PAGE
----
Dash cam video shows Ark. police chief speeding, not given ticket

The chief of the Brinkley Police Department is defending himself and his record after THV11 reviewed dash cam video that appears to show him being given preferential treatment during a traffic stop.

BRINKLEY, Ark. (KTHV) -- The chief of the Brinkley Police Department is defending himself and his record after THV11 reviewed dash cam video that appears to show him being given preferential treatment during a traffic stop.

A viewer first alerted THV11 to the fact that Chief Edward Randle was pulled over while driving in Clarendon on Friday, October 21.

Video of the traffic stop, obtained from the Arkansas State Police, shows a state trooper pulling over a red pickup truck. Randle told THV11 that it is his personal vehicle, and that he was driving. The state trooper was asked to assist a Brinkley police officer with stopping Randle.

When the trooper approached Randle’s truck, he can be heard in the video laughing as he apparently recognizes who Randle is. The trooper does not ask for any identification. His first question was “Where are you going so fast?” Randle responded that he was headed to the game. He clarified to THV11 that he was scheduled to referee the Clarendon-Marvell football game that evening.

The Brinkley police officer then entered the video to approach Randle’s truck. The trooper says the officer had been following Randle for miles and called the ASP for help. As the officer walked up, Randle can be heard giving him a hard time.

“I know you didn’t call the State Police!” he says.

“I didn’t have your plate, so it didn’t go over,” the officer responds, which could indicate that, since the officer did not announce the truck’s license plate number into his radio, nobody else would know the chief had been pulled over.

After the trooper made a quick joke about getting a call because the truck was going so fast, the officer can be heard saying, “I had you locked in at 107.” Randle responded, “It won’t do 107. It’ll only do 95.”

Randle told THV11 that his truck has a governor on its engine that prevents it from going more than 95 miles per hour.

The officer then responded that he was driving 90 miles an hour and that Randle was still pulling away from him. They laugh a bit more, and then, roughly 45 seconds after the trooper first approached Randle’s window, the officer can be heard saying, “See you later, Chief,” as the two men walk back to their cars and Randle drives away.

As the trooper entered his car, the officer asked him how fast he had Randle driving. The trooper responded, “71 at the curve.”

THV11 spoke with Randle twice by phone on Monday and gave him the opportunity to record an interview to explain his side of the story, which he declined. He said never got close to the 95 mile per hour limit he mentioned regarding the governor on his truck. He also said he was not driving 71 miles per hour when he was pulled over.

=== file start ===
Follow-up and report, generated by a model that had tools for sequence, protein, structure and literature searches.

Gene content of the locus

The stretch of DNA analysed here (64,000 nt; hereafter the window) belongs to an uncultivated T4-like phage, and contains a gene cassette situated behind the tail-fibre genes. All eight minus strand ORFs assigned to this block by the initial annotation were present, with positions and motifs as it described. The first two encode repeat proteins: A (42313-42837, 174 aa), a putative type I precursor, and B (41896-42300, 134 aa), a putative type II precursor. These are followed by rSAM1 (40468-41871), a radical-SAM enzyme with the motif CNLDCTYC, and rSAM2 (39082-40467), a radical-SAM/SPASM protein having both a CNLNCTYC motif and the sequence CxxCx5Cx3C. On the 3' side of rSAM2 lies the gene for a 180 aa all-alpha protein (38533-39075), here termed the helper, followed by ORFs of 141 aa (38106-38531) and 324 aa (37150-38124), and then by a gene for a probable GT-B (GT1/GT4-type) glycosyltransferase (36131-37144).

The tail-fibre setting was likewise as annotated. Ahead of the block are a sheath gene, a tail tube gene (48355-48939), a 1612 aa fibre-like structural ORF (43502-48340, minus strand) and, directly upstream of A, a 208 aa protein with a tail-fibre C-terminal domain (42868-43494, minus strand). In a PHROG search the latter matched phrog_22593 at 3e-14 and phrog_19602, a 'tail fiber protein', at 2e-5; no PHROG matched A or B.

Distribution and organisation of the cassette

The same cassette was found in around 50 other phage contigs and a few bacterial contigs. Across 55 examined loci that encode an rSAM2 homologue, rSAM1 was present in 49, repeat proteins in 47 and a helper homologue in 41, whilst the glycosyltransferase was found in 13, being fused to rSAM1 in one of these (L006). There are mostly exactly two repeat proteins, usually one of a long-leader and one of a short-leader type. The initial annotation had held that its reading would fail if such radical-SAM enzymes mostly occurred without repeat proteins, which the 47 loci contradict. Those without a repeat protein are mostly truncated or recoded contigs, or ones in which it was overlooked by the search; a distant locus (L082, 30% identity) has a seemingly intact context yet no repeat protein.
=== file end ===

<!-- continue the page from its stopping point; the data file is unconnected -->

Benjamin Martin, a Clarendon business owner, was driving home from work when he saw the traffic stop, and pulled over when he noticed a Brinkley police car making a stop inside Clarendon city limits.

“I find it, you know, very disheartening, that anyone, public official or not, would show such blatant disregard for the speed limit, and put the lives of innocent others at risk,” Martin said.

Though the state trooper claimed that the officer had been pursuing Randle for miles, Randle told THV11 that the officer was on his way to Clarendon to get fingerprints from someone at the county jail.

"I just feel that no one's above the law, and you know, if it was me, I would've gotten a ticket," Martin said.

Randle believes his traffic stop, and the fact that he did not receive a ticket, should not be a public issue.

He mentioned that he has worked in law enforcement for nearly three decades, and that he knows better than to endanger the lives of other drivers, or his own, by driving recklessly. Martin said he has never had an issue with Randle or the Brinkley Police Department, but felt that Randle’s job title gave him a free pass that he did not deserve.

“As a chief of police, and as a law enforcement officer, you’re sworn to protect and serve, which is the opposite of putting the lives of others at risk.”

A spokesman for the Arkansas State Police told THV11 that the trooper who pulled Randle over is not being investigated for any kind of wrongdoing for his role in the traffic stop. The spokesman said he was there to help pull the truck over, and that it became the Brinkley Police Department’s case as soon as the officer arrived.


JOIN THE CONVERSATION

To find out more about Facebook commenting please read the
Conversation Guidelines and FAQs

Leave a Comment